The Overly-Critical Children’s Book Review: Brown Bear, Brown Bear, What Do You See?

by ParentCo. April 20, 2015

Ben Raphael owns Wooden Hammer LLC. He lives with his wife and son in Monkton, Vermont.
Brown Bear, Brown Bear, What Do You See? I see a book plagued by lack of conviction, critical thinking, and true intellectual curiosity, that is doomed from page two. For those unfamiliar with this alleged masterwork, by Bill Martin, the plot hinges on animals giving one another the proverbial stink eye. On the very first page, an inquisitive voice (who remains unidentified throughout the text, so I’ll call him Jerry because, given his one dimensional nature, I assume he’s male) encounters the title character. “Brown bear, brown bear, what do you see?” asks Jerry. Upon learning that the brown bear sees a red bird, Jerry seems to forget altogether about the hulking brown beast and its razor sharp claws, turning his attention to the red bird. Again, he wants to know what this animal sees. Well, we actually already know what the bird sees; To quote the brown bear, “I see a red bird looking at me”. Logically, if the bird is looking at the brown bear, it sees the brown bear. But apparently the bird has shifted its gaze elsewhere, so now it reports seeing a yellow duck who, again, is returning said gaze. We go on like this for a while, each new animal seeing another animal, each with a new color, each looking at the previous animal before being caught staring and shiftily looking away. Ok, I’ll buy it, purple cat and all, because I just need to know what happens next. Spoiler alert: people enter and everything just turns to shit. “I see a teacher looking at me” says the goldfish. But, up to this point, every animal has had an assigned color (even if that color is actually part of the animals name and not a modifier—I’m looking at you goldfish). So why doesn’t this human being have a color? She is clearly white: can we all just say it? Probably of mixed European ancestry. So what are we scared of here? The goldfish sees a white teacher, plain and simple, and in line with the mundane formula we’ve been following. Then we’re slapped in the face with this inconsistency once more, as the teacher dutifully reports seeing “children” looking at her. These kids also have colors, why can’t they be named? Let’s celebrate the beautiful diversity of this classroom. Are we saying that we can see animals’ colors but not humans’ colors? What, you don’t see race, Bill Martin? In conclusion, this is a really great book, and I don’t see any reason why it shouldn’t be read, on repeat, to your demanding child, who simply can’t get enough of these playfully rendered animals.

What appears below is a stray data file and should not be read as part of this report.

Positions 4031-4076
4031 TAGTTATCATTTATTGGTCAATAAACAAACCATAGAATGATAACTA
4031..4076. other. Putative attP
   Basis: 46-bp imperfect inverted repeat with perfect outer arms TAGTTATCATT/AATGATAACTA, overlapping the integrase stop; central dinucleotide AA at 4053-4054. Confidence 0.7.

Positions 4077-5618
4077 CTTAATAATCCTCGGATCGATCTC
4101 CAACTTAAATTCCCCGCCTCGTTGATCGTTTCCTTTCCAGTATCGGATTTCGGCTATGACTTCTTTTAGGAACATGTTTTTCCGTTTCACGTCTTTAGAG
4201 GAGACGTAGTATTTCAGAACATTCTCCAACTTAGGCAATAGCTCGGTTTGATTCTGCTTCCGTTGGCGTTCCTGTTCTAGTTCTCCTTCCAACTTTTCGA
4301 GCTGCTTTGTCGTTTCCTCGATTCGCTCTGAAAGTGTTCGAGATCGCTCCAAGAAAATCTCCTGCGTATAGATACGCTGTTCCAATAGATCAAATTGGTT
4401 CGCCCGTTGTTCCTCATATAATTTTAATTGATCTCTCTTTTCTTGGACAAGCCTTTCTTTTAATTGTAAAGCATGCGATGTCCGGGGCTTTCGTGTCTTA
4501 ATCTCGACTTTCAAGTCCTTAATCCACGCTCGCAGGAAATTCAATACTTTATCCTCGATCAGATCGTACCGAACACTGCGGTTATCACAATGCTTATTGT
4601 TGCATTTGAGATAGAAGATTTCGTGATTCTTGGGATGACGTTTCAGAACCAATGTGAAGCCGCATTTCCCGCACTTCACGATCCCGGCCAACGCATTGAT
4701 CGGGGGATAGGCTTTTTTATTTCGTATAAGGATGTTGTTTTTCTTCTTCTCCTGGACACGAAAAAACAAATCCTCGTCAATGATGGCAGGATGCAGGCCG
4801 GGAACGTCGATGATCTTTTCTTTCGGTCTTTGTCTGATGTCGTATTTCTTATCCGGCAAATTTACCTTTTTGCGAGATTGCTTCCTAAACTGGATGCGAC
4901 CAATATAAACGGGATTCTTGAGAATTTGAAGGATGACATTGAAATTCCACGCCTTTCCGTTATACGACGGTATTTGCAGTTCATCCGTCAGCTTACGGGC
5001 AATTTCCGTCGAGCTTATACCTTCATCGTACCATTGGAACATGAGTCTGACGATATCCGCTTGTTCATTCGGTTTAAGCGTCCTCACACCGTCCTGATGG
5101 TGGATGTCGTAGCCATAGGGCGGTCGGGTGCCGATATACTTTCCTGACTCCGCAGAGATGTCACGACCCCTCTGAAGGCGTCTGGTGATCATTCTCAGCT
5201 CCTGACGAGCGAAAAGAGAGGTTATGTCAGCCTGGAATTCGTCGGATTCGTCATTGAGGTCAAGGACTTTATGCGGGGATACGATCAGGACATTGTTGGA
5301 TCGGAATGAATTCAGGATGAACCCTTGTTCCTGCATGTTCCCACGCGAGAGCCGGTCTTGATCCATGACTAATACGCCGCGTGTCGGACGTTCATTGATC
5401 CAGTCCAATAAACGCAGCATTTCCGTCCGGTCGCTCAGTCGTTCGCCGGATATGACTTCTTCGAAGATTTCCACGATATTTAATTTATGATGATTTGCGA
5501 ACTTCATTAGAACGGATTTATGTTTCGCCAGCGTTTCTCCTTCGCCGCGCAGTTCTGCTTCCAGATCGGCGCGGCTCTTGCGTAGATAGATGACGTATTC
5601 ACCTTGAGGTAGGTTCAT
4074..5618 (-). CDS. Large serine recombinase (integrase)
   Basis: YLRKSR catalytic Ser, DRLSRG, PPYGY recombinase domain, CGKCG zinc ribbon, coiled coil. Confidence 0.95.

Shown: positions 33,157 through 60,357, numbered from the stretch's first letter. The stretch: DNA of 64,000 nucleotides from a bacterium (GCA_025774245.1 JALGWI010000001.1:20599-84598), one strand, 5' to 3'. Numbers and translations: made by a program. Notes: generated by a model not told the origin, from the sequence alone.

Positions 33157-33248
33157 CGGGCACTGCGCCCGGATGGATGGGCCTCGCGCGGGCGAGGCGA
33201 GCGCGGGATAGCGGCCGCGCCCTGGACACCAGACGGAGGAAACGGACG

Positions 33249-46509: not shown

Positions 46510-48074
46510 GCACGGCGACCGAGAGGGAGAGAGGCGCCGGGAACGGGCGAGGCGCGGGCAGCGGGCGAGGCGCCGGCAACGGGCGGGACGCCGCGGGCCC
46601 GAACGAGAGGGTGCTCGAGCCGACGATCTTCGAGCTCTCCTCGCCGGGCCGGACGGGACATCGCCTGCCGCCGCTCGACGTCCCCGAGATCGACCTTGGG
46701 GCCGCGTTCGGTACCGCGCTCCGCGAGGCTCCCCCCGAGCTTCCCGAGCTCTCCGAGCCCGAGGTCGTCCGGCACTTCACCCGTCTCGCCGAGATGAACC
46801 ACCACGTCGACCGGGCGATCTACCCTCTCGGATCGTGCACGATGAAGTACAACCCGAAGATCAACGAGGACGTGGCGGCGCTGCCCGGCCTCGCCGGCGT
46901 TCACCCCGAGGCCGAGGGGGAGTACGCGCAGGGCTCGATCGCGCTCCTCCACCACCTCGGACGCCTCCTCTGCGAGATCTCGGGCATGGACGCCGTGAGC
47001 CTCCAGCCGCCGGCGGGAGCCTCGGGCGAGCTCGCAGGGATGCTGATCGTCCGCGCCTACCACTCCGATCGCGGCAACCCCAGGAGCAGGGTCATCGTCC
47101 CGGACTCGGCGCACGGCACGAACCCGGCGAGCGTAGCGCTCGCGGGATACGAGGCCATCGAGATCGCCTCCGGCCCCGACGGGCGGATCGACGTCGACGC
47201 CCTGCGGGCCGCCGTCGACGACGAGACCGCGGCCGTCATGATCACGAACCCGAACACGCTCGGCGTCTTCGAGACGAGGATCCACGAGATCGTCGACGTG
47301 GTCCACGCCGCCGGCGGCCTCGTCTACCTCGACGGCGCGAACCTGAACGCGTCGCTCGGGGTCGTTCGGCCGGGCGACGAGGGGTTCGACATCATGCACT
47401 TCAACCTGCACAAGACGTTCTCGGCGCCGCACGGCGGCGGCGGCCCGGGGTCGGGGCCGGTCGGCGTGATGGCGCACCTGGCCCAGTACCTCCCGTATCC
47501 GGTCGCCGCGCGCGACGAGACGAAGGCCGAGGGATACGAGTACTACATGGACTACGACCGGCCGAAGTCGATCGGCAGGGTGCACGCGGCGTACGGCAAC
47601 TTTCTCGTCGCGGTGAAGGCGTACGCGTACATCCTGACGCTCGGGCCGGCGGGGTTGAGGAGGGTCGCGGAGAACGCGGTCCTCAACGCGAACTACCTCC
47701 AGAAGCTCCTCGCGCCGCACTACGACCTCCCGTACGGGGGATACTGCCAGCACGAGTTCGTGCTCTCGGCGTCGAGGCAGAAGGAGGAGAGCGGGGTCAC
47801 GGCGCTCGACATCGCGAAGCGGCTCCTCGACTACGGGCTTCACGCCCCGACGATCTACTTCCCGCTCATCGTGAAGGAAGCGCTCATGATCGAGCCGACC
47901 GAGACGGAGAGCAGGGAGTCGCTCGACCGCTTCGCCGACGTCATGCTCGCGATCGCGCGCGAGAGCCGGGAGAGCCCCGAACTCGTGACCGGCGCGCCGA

ParentCo.

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